But hard fascination has a flip side. It’s studious twin is “soft fascination.” We aren’t attracted to big, loud extremely noticeable things alone and our attention can be captured by quieter things. Soft Fascination is also a form of involuntary attention, but it relies on our large brains more than our guts. Our attention can be drawn in by small, often rhythmic, natural events and subtle changes in the environment. The sound of a softly running river, rocking a child, people walking on the street, the change of shadows, tinkering with a simple gadget they are all examples of soft fascination. This kind of fascination is often calming and enjoyable (whereas hard fascination can be decidedly jolting), and we can lose ourselves easily. One of the interesting things about it is that it can be time consuming and often deeply engaging. It produces “slow memory,” a kind of reaction that draws a person back to the same place again and again. Unlike hard fascination, with its short span of engagement and explosive nature, soft fascination produces something more meaningful and enduring. Additionally, whereas hard fascination is all about stimuli, soft fascination can and is run through the cultural interpretations we all carry. Not only is rocking a child soothing, it also feeds the need to be a good parent, demonstrates human caring and signals our need to break from the tasks of daily existence and embrace a simpler life.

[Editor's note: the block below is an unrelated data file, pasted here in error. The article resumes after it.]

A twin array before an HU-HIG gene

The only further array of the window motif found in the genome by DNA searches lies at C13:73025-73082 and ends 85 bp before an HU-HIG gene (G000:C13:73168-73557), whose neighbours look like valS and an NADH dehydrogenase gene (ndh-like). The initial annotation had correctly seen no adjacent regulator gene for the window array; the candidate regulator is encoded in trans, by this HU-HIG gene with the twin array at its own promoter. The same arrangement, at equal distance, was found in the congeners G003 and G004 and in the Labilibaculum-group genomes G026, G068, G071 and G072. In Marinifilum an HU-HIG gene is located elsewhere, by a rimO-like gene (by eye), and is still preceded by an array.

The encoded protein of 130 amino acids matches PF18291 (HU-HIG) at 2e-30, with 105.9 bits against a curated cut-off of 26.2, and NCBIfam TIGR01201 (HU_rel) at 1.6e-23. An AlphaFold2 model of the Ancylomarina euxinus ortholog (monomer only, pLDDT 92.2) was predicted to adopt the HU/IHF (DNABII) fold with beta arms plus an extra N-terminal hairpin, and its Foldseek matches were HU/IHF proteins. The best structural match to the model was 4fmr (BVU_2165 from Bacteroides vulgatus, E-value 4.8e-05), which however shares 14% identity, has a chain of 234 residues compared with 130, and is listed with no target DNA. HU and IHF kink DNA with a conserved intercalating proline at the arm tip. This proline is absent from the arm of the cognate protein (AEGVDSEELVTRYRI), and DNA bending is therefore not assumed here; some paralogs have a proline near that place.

So what does this mean for retailers. For many years, particularly in big-box settings, retailers have tended to shout at their shoppers. End caps jut into aisle transitions, breaking the flow of movement. Signs are bright, big and unavoidable. And that worked fine for a time. But there are two problems with hard fascination. First, the human brain can only process so much stimuli before it starts to shut these things out. It looks for patterns eventually all those stimuli simply become the backdrop to a cognitive frame that says “ignore the loud stuff.” That means the big, bombastic formats simply stop working, or in order to work they need to become so overwhelming that they drive people away. Second, this sort of retail format is designed to thrive on the need to procure goods. It is a one-off event rather than a long-term experience. Remember, the memory is of the various stimuli, not the environment in its totality.
What this means is that designing a retail for soft fascination produces similar involuntary responses, but it also produces memories that are inviting and enduring. That means you develop loyalty amongst your shoppers, who then become advocates. You create a sense of storyline that people can easily slip into embrace as their own. More importantly, you create a place that can be shared. Long-term customers do not shop alone. Consumers do, but not customers. The more people shop as a social unit, be it friends conducting retail therapy or parents having a family outing, the more likely they are to purchase. Not just once, but again and again. Soft fascination leads to a sense of destination. And that leads to sales.